Pedal to the metal
Many people believe that rapid economic growth follows war, which means that from an economic standpoint war is not so terrible. They point to the accelerated growth in Germany, other European states and Japan immediately following the end of World War II.
But if war and destruction lead to rapid growth, why don't we just bomb ourselves every few years to keep the economy rolling? The very question shows the absurdity of this bit of folk wisdom. The error comes from misreading the results of war.
When post-war growth is measured, the enormous destruction to cities, villages and housing stock is ignored. Take for example Kiryat Shmona, where the war has destroyed the city's commercial center and rendered many of its homes uninhabitable.
As soon as the war is over, massive reconstruction efforts will be launched to replace the lost apartment buildings and commercial areas. We will count it as growth and as part of the GDP. Because construction is a fundamental industry with many branches, the growth will be significant, and many will point to this as the silver lining of the cloud of war.
They would be wrong, however, because an accurate measure of the growth would also take into consideration the drop in the Kiryat Shmona residents' standard of living due to the destruction of stores, roads, cultural centers and, in many cases, their homes. That is a very real cost of war. It will take billions of dollars and many years of work just to restore the city to its prewar state. For this reason, the growth that will be recorded immediately after the war is a deceptive type of growth, an optical illusion.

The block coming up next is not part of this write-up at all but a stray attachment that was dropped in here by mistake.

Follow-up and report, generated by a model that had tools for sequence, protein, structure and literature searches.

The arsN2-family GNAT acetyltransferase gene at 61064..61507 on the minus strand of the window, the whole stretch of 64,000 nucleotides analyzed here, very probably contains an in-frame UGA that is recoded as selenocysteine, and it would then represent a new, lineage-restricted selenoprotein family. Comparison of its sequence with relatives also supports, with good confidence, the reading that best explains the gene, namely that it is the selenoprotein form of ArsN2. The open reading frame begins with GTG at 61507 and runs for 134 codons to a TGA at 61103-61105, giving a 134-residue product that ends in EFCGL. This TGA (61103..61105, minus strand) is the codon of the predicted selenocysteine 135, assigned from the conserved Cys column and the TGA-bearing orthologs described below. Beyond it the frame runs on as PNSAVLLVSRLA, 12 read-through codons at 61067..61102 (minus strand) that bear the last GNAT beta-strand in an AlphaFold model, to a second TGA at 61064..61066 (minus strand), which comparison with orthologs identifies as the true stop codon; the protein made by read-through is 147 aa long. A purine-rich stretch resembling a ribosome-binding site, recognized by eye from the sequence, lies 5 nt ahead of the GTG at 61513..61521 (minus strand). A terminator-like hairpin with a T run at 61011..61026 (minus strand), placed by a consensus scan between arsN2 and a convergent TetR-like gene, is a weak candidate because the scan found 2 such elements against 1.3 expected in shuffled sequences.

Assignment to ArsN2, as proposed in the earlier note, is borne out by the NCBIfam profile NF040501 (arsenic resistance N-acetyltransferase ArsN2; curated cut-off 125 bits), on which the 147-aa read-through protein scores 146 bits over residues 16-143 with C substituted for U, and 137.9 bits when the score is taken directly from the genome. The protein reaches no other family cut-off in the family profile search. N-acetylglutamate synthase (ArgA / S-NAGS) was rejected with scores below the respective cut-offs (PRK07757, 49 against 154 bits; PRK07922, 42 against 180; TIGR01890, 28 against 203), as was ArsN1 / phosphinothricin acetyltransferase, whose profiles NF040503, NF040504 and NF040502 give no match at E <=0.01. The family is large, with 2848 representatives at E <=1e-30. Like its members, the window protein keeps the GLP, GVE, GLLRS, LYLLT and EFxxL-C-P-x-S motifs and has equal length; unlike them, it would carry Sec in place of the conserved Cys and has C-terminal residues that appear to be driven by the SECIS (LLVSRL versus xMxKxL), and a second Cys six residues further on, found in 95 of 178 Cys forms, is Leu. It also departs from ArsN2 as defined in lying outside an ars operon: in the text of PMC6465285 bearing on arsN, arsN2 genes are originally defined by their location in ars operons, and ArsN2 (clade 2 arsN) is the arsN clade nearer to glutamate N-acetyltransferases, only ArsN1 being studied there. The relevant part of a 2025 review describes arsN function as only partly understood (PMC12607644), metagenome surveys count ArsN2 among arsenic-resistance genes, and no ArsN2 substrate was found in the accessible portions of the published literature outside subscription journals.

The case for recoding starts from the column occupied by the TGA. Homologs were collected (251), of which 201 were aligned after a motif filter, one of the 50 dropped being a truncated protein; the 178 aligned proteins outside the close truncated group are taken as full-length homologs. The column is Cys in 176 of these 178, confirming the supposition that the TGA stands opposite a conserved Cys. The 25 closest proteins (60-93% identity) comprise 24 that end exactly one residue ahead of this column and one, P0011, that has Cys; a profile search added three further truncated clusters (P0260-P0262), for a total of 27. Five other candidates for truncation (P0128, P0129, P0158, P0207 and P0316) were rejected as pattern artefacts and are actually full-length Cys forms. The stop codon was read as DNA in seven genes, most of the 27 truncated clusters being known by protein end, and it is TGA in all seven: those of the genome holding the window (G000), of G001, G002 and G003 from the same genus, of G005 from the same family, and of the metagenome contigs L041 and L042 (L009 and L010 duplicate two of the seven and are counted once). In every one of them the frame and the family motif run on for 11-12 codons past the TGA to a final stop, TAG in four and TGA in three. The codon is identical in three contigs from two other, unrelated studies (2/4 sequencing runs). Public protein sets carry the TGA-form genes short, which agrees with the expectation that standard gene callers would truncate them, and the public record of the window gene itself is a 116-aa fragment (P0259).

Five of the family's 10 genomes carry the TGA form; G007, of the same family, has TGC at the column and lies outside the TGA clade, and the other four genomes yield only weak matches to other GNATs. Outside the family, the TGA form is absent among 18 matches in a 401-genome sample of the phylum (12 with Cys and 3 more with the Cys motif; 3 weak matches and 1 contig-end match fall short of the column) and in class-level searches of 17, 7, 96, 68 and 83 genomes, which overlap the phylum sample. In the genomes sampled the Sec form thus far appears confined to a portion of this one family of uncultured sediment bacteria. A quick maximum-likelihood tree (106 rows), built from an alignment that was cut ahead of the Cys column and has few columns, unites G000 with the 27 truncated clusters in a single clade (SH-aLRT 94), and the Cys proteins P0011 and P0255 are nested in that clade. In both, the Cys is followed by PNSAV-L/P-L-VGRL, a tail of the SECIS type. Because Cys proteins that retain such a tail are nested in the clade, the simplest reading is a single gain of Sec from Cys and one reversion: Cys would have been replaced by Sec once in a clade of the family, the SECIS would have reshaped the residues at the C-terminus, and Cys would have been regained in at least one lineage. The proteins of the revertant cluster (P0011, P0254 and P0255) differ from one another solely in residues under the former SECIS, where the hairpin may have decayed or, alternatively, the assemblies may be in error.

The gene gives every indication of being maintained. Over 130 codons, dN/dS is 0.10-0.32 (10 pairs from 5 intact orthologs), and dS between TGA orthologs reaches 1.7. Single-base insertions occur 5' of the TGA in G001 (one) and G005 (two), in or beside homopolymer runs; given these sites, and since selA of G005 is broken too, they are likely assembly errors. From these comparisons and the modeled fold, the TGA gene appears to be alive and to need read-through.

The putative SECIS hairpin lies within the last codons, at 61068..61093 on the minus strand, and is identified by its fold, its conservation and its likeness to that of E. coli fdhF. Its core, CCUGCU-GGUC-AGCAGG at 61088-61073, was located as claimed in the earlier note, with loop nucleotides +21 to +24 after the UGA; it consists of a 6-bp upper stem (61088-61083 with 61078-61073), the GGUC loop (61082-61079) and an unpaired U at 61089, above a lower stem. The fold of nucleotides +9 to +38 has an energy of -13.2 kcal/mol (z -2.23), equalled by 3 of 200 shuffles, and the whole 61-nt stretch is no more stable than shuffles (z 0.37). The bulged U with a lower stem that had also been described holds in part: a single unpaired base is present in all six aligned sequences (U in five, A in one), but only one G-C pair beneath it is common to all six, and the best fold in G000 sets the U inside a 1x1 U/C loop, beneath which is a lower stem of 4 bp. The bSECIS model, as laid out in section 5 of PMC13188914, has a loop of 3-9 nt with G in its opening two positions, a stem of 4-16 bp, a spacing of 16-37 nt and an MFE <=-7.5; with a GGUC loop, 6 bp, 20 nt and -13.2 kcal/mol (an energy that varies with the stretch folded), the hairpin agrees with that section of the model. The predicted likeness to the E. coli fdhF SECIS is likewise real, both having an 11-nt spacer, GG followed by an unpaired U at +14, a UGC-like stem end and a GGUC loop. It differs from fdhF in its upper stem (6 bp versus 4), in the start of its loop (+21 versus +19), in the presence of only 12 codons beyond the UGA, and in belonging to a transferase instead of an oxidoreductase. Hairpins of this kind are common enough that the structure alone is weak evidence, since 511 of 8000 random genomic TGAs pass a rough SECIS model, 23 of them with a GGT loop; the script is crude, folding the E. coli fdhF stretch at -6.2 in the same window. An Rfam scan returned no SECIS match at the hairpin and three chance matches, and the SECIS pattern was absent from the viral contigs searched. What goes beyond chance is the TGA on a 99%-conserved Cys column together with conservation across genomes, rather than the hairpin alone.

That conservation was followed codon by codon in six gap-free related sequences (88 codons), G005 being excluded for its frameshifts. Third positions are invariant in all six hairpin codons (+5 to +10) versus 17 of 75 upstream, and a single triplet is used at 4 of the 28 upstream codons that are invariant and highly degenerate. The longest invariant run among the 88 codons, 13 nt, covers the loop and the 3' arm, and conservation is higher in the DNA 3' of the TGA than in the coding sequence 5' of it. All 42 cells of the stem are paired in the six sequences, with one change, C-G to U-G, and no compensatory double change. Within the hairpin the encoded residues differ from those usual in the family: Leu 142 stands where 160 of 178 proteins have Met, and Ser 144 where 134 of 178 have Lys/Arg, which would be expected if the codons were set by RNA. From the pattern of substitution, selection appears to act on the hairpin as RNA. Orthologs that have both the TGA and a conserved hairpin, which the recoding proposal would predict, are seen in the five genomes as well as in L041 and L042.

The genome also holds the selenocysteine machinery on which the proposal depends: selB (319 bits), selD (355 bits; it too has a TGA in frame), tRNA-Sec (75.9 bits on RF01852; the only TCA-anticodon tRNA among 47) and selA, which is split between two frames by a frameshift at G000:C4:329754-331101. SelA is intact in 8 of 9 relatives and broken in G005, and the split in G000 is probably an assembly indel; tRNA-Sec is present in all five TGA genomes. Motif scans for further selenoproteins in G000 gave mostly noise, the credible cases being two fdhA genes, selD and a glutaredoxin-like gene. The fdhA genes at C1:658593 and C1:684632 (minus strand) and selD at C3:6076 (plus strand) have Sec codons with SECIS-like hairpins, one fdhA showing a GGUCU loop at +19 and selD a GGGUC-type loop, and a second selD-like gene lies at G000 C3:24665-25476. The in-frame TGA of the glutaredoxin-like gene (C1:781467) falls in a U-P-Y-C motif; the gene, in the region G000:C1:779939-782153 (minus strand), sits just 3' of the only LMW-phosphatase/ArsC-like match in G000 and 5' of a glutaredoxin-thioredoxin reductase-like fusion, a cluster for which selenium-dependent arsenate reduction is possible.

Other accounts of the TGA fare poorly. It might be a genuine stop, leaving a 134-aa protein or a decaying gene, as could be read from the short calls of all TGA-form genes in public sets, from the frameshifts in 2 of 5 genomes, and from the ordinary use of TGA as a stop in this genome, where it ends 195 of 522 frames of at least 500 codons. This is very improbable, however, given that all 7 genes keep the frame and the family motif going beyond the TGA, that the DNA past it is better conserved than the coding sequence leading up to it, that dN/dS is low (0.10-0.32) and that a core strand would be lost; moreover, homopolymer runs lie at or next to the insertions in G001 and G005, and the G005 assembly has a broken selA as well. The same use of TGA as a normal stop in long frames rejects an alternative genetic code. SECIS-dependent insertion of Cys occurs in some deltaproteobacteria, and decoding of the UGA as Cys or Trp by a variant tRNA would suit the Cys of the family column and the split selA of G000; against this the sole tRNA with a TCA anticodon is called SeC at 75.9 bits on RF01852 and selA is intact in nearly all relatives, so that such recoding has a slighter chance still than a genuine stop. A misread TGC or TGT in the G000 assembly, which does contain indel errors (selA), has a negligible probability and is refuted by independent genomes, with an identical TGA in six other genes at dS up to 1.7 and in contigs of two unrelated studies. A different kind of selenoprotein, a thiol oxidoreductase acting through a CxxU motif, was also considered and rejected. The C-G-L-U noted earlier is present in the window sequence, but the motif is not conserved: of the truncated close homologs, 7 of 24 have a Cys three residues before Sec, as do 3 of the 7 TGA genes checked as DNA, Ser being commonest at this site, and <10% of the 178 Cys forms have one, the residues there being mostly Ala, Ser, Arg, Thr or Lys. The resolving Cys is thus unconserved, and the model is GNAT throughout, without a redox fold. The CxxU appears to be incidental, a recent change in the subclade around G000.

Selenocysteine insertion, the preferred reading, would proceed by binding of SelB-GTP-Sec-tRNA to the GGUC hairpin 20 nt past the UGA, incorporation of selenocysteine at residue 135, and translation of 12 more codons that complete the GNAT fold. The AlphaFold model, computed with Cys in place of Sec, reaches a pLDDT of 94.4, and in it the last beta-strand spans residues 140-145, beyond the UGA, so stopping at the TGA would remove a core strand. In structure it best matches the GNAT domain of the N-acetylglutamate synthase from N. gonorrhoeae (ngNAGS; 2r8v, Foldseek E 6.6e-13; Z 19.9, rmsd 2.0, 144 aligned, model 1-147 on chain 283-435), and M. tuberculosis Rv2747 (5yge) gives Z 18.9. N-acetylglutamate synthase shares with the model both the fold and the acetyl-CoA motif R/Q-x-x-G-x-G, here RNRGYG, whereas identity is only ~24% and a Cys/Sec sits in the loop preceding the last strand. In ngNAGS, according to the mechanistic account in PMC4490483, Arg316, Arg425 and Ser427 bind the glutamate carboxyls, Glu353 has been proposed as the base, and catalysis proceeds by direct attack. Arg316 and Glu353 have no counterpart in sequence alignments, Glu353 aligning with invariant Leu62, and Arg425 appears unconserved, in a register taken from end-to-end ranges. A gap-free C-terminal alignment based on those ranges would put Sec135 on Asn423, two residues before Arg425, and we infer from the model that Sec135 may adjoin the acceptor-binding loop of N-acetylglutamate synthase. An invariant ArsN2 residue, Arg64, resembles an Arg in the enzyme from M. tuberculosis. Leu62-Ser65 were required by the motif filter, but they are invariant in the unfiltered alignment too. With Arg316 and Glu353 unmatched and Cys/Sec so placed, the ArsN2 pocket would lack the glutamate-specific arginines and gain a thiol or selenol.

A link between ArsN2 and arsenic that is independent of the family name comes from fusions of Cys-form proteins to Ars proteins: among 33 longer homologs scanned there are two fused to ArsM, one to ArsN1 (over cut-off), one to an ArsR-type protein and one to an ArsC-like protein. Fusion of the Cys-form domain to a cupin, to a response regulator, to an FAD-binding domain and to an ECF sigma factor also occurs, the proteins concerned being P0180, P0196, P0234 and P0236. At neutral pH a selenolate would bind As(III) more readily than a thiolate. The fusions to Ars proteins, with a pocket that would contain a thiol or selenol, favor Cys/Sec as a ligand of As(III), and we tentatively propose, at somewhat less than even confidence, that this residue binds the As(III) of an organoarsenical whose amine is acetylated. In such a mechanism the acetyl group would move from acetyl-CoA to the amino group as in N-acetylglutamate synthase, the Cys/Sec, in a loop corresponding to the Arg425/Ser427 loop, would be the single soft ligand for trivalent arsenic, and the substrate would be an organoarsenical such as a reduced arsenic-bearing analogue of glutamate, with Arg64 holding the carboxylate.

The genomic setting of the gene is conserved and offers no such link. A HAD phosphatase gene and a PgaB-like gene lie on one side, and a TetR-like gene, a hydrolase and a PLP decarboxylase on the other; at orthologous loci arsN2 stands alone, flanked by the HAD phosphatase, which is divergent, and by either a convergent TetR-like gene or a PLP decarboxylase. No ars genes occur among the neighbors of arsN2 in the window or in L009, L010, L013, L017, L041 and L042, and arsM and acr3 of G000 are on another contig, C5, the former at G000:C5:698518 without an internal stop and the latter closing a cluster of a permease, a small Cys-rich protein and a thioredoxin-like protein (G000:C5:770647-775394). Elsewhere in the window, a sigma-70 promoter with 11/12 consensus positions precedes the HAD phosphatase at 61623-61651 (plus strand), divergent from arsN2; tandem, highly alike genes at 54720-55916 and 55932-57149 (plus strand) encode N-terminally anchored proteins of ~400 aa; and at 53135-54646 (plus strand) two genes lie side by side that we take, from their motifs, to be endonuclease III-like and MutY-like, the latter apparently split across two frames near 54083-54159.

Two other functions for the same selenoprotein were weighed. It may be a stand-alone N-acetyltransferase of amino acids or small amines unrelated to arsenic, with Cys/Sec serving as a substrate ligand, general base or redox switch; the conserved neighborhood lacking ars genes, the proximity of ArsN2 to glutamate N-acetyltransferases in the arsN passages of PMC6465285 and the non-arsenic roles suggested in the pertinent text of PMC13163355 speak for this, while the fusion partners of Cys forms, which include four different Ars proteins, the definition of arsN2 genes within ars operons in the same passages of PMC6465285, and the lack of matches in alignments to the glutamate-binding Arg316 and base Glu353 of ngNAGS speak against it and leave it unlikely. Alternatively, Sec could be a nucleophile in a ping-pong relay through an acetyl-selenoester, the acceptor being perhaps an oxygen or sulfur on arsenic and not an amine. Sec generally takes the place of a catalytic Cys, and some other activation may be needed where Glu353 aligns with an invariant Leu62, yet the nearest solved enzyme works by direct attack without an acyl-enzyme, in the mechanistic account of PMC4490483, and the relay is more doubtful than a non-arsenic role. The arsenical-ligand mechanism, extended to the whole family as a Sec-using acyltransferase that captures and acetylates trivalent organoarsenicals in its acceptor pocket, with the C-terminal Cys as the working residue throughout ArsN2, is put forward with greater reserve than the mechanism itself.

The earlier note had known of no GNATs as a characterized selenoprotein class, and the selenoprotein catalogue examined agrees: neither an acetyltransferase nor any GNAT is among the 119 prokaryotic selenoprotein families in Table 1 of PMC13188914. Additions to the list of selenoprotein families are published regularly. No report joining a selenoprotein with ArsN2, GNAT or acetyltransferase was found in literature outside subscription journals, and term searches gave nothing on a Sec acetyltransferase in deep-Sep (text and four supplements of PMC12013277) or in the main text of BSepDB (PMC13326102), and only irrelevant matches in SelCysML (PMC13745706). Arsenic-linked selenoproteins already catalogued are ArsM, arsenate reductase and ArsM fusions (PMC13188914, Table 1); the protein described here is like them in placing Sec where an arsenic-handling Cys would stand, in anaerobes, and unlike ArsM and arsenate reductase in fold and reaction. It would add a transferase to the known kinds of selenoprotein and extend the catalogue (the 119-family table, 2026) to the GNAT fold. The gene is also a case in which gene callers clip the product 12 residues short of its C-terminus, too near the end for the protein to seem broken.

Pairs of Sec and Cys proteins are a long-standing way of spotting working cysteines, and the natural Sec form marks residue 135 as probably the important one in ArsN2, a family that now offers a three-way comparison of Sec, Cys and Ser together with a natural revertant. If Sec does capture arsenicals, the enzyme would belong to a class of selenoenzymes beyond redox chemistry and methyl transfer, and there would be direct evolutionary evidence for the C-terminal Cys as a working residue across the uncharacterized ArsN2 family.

What's the damage?
Were the war to stop now, the Bank of Israel estimates the economic damage would be about 1 percent of GDP. Other economists put the cost at about 1.5 percent of GDP, since who would have believed, one month into the war, that missiles would continue falling on the North and that the war's effects would reach as far as Tel Aviv?
With this in mind, some politicians and economic commentators are already urging the government to rescind its recent tax cuts, restore the 1 percent cut in VAT and to raise corporate and income taxes, all to fund the war.
There could be no greater mistake. It is precisely when the economy is struggling and recession is a possibility that taxes should be cut in order to spur economic activity. Reducing the VAT encourages production and marketing because it lowers prices and thus leads to greater spending. Cutting corporate taxes does the same thing, as does reducing income taxes.
According to a recent study by D r. Omer Moav and Dr. Eric Gould, Israel's brain drain is fueled by the high tax burden placed on earners in the two highest deciles, and the low quality of life. The higher the level of education, the greater the tendency to emigrate from Israel. Cutting taxes, therefore, is also an important weapon in the fight to keep Israeli scientists at home.
Trade, Industry and Employment Minister Eli Yishai (Shas) in speaking to the media does not restrict himself to discussing the economic situation and compensation for workers and their employers.
Rather, he eagerly responds to questions about the conduct of the war. He unhesitatingly demonstrates rare courage: "Hezbollah must be dealt a mortal blow and the war must be pursued with tremendous force," Yishai said on Sunday.
Yishai knows the parents of non-observant and national-religious soldiers cannot sleep at night, while the ultra-Orthodox are in no danger of someone knocking on their door in the dead of night bearing terrible news.
So perhaps it would behoove the head of a political movement whose ideology includes not serving in the army to demonstrate a measure of restraint when it comes to "pursuing the war with tremendous force."
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